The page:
Eighty per cent of cities face significant climate hazards – such as extreme heat, rainfall, drought or flooding, according to environmental data charity CDP. Its 2022 Protecting People and the Planet report also highlights that these issues are expected to threaten at least 70 per cent of the population in 28 per cent of these cities. Vital resources are also at risk from climate change, with water supply, agriculture and waste management considered among the greatest dangers.
Nevertheless, the right action can lead to positive change. Eighty-five per cent of cities taking people-centred climate actions are driving public health, social and economic benefits, such as better air quality, greater physical and mental health for citizens, increased food and water security, reduced costs and more business innovation, according to the report. Also, 75 per cent achieve environmental benefits, including more green spaces and enhanced water and soil quality. At the root of these improvements is digital technology.
“Various new technology tools can promote sustainability by optimising resource usage, monitoring environmental impacts, and facilitating renewable energy adoption,” says Jeremy M. Goldberg, worldwide director of critical infrastructure at Microsoft.
Swedish city Helsingborg, for example, is using ClimateView’s Microsoft Azure cloud-based ClimateOS solution to help it reach net zero by 2035. The software-as-a-service platform aggregates climate-related data from multiple sources and analyses it to deliver insights into the largest sources of emissions in Helsingborg, enabling city leaders to collaborate with municipal organisations and other stakeholders to predict the impact of possible solutions and develop an effective carbon emissions abatement plan.
In Porto, Portugal, municipal water utility company Águas do Porto (AdP) has used Bentley Systems’ OpenFlows solutions – which run on the Microsoft Azure cloud – to build a federated digital twin. This helps it manage water supply, wastewater drainage and treatment, stormwater drainage, surface waters and coastal water quality for around 500,000 people in the city.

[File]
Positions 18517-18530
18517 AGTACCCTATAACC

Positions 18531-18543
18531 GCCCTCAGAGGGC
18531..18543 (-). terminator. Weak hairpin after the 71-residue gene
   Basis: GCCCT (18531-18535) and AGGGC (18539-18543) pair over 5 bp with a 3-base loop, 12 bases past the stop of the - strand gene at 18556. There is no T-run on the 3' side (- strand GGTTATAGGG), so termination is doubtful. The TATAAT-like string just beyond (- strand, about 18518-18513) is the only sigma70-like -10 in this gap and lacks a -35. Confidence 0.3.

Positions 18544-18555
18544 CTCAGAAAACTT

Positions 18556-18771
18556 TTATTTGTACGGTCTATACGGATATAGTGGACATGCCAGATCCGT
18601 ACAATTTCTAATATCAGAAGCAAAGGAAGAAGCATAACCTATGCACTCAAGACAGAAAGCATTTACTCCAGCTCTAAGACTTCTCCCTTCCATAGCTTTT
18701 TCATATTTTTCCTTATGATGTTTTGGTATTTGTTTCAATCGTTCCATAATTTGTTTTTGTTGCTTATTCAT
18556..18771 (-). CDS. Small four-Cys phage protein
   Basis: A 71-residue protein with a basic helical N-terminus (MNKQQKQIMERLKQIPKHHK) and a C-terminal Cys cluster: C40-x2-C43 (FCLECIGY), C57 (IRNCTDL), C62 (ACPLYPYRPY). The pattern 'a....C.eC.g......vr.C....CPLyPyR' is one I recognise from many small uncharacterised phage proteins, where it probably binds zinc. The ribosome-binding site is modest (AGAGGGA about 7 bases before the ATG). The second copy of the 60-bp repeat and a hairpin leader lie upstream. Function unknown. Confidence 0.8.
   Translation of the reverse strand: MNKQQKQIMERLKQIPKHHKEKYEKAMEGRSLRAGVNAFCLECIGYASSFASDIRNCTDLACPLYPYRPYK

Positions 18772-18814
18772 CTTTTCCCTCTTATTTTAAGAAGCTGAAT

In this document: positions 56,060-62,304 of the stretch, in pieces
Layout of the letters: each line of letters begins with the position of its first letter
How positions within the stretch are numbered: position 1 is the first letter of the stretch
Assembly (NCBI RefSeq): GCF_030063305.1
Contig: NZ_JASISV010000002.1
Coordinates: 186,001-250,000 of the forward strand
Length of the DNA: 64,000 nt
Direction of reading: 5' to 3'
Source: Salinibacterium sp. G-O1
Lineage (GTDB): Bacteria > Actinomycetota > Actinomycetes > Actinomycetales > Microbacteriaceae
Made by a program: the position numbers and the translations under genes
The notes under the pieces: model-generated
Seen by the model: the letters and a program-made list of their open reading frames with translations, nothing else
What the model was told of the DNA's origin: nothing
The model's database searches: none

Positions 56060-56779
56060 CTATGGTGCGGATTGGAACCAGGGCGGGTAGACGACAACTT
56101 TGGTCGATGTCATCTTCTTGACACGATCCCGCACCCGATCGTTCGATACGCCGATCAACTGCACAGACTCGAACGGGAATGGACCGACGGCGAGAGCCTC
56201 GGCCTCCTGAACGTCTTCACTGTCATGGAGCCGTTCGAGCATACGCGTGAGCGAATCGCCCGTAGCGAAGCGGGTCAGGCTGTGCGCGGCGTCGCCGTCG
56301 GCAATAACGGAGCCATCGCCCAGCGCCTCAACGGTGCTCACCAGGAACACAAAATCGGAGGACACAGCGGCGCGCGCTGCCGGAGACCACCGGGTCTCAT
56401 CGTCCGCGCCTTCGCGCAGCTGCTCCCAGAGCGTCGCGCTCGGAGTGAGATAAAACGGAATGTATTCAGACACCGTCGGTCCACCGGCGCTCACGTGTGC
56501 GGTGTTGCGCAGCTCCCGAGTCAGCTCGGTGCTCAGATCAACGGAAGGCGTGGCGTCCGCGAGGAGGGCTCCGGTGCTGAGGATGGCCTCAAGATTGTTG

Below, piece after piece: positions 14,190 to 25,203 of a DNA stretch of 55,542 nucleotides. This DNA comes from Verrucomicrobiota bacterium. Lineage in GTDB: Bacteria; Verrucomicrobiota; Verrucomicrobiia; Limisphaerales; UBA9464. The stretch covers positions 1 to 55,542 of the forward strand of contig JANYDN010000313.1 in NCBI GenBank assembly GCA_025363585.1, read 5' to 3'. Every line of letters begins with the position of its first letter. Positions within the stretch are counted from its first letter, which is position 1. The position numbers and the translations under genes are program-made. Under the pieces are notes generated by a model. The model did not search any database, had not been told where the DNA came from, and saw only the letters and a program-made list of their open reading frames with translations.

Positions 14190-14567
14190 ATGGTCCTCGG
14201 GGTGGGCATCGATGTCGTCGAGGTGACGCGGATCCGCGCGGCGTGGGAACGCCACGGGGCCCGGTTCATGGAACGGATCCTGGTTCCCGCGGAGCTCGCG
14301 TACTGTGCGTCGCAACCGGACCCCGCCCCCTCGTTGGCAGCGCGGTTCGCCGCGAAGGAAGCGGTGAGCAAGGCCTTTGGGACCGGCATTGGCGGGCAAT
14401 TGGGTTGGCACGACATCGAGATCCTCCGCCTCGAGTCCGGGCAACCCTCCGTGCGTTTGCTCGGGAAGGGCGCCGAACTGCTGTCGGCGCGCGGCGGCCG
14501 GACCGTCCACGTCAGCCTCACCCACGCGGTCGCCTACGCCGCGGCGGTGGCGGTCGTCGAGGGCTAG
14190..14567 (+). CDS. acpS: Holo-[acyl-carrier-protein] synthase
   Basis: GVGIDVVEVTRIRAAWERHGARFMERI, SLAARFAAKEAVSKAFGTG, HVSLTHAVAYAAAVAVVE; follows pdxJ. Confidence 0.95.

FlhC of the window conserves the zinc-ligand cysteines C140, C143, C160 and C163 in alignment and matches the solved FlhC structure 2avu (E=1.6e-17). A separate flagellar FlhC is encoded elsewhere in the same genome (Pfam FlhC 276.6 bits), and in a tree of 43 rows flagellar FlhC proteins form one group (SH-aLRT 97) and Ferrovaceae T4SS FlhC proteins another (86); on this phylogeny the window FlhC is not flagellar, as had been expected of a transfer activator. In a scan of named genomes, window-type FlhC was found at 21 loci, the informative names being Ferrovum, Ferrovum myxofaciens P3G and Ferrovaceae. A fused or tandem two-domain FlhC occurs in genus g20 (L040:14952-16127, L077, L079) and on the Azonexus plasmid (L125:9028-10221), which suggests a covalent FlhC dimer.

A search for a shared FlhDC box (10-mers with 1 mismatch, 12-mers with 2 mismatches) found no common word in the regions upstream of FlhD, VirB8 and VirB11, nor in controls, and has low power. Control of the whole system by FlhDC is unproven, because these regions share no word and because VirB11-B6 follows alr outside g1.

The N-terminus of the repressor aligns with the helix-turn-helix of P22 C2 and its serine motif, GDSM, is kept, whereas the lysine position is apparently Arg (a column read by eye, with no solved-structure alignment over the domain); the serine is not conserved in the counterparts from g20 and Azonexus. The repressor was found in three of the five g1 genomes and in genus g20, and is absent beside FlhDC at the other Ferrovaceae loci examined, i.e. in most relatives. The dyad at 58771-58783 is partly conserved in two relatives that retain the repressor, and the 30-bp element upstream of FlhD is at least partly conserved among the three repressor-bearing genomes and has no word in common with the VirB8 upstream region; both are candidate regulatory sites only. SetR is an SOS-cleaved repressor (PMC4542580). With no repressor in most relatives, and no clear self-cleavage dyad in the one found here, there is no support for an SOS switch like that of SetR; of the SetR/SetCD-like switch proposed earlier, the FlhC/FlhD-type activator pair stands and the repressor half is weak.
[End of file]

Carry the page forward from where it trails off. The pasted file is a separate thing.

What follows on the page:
AdP’s digital twin, which is a virtual representation of the physical water system, is integrated with its H2PORTO platform, which centralises near-real-time and historical data from 22 types of sources, including billing, meters, sensors, operations, weather stations and control systems. This enables AdP to track the status of each part of the water system, forecast the performance of the entire water system up to three days in advance, and respond instantly to automatic alerts about potential problems. It can also run virtual simulations of issues such as pipe breaks or valve closures to determine how the water system would react and develop solutions.
When combined with technologies such as artificial intelligence and virtual reality, digital twins can be used for applications beyond engineering, urban planning and healthcare.
“We can incorporate new technologies coming from metaverse, like Web3, to explore, visualise and experience the data model,” says Ondiviela. “New methodologies to incorporate real-time data can be put in place to increase the realism and accuracy of the model. This is leading to the concept of the MetaCity/Cityverse, which represents a revolution in the way of operating and offering public services in the city, in the social relations of its citizens and in their leisure activities.”
Ondiviela cites Doha in Qatar, Seoul in South Korea, and Singapore as examples of cities already experimenting with metaverse technologies. “Like all human developments, however, the ability to generate new business models and new services for citizens will be the determinants of the speed with which the metaverse is consolidated in our lives,” he says. “Much remains to be done as it is still in its infancy and there are many alternatives and a range of possibilities to explore.”